Public school funding would stay flat despite higher coronavirus costs under Murphy budget

While the 2020-21 school year will be an unprecedented one, the state will spend the same amount on K-12 schools as it did in 2019-20 school year, under Gov. Phil Murphy’s revised state budget proposal.

The $335 million spending increase for schools that was originally proposed during the budget address in February has been scrapped, the governor said Tuesday during his budget address at SHI Stadium at Rutgers University in Piscataway.

Under the reworked budget, school aid remains flat at $8.7 billion while continuing the phase-in of the updated school funding formula, the governor said.

The formula funding is part of Murphy’s $32.4 billion budget for the nine months beginning Oct. 1, including $4 billion in borrowing and $1 billion in new taxes.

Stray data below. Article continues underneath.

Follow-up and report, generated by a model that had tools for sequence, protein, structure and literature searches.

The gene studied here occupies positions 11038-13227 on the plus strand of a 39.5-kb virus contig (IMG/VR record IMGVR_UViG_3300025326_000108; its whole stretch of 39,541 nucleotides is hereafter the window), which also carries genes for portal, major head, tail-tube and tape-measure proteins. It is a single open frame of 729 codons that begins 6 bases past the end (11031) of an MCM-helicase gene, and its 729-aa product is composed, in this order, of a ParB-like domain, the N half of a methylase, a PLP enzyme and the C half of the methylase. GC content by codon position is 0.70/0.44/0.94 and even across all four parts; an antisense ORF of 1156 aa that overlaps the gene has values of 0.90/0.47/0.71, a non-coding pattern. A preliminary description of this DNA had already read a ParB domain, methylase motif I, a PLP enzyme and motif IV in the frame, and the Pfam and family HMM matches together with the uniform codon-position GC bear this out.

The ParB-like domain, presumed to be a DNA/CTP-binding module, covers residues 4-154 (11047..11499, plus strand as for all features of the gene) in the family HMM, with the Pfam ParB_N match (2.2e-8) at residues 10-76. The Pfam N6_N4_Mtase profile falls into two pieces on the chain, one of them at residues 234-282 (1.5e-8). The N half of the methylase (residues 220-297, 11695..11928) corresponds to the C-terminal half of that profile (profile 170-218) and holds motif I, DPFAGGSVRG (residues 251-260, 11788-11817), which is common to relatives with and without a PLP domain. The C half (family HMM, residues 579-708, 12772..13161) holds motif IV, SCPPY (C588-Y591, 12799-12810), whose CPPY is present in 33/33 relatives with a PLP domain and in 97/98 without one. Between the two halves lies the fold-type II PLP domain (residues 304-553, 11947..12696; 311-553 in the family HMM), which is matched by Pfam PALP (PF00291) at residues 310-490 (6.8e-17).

In May, Murphy informed districts of the plan to slash the extra hundreds of millions in aid as the financial fallout of the coronavirus pandemic — including

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Ulster Bank plans to cut 266 jobs to reduce costs

a group of people walking on a sidewalk

© Niall Carson

ULSTER BANK HAS has confirmed that it plans to cut 266 jobs on the island in a bid to rein in costs.

The bank, a wholly-owned subsidiary of the London-listed NatWest Group, which employs 2,900 people in Ireland, has informed staff of a new restructuring plan.

It is understood that some 216 jobs are to be shed in the Republic and 53 in the North. Some 57 new roles will also be created, 29 in the south and 28 in the North.

Commenting, a spokesperson for the bank said, “We have announced the next phase of our programme to reduce our costs which includes operational changes and a reduction of 266 roles, which we aim to achieve on a voluntary redundancy basis, where possible.

“A small number of roles have also been created. We know this is difficult news for our colleagues and we are doing everything

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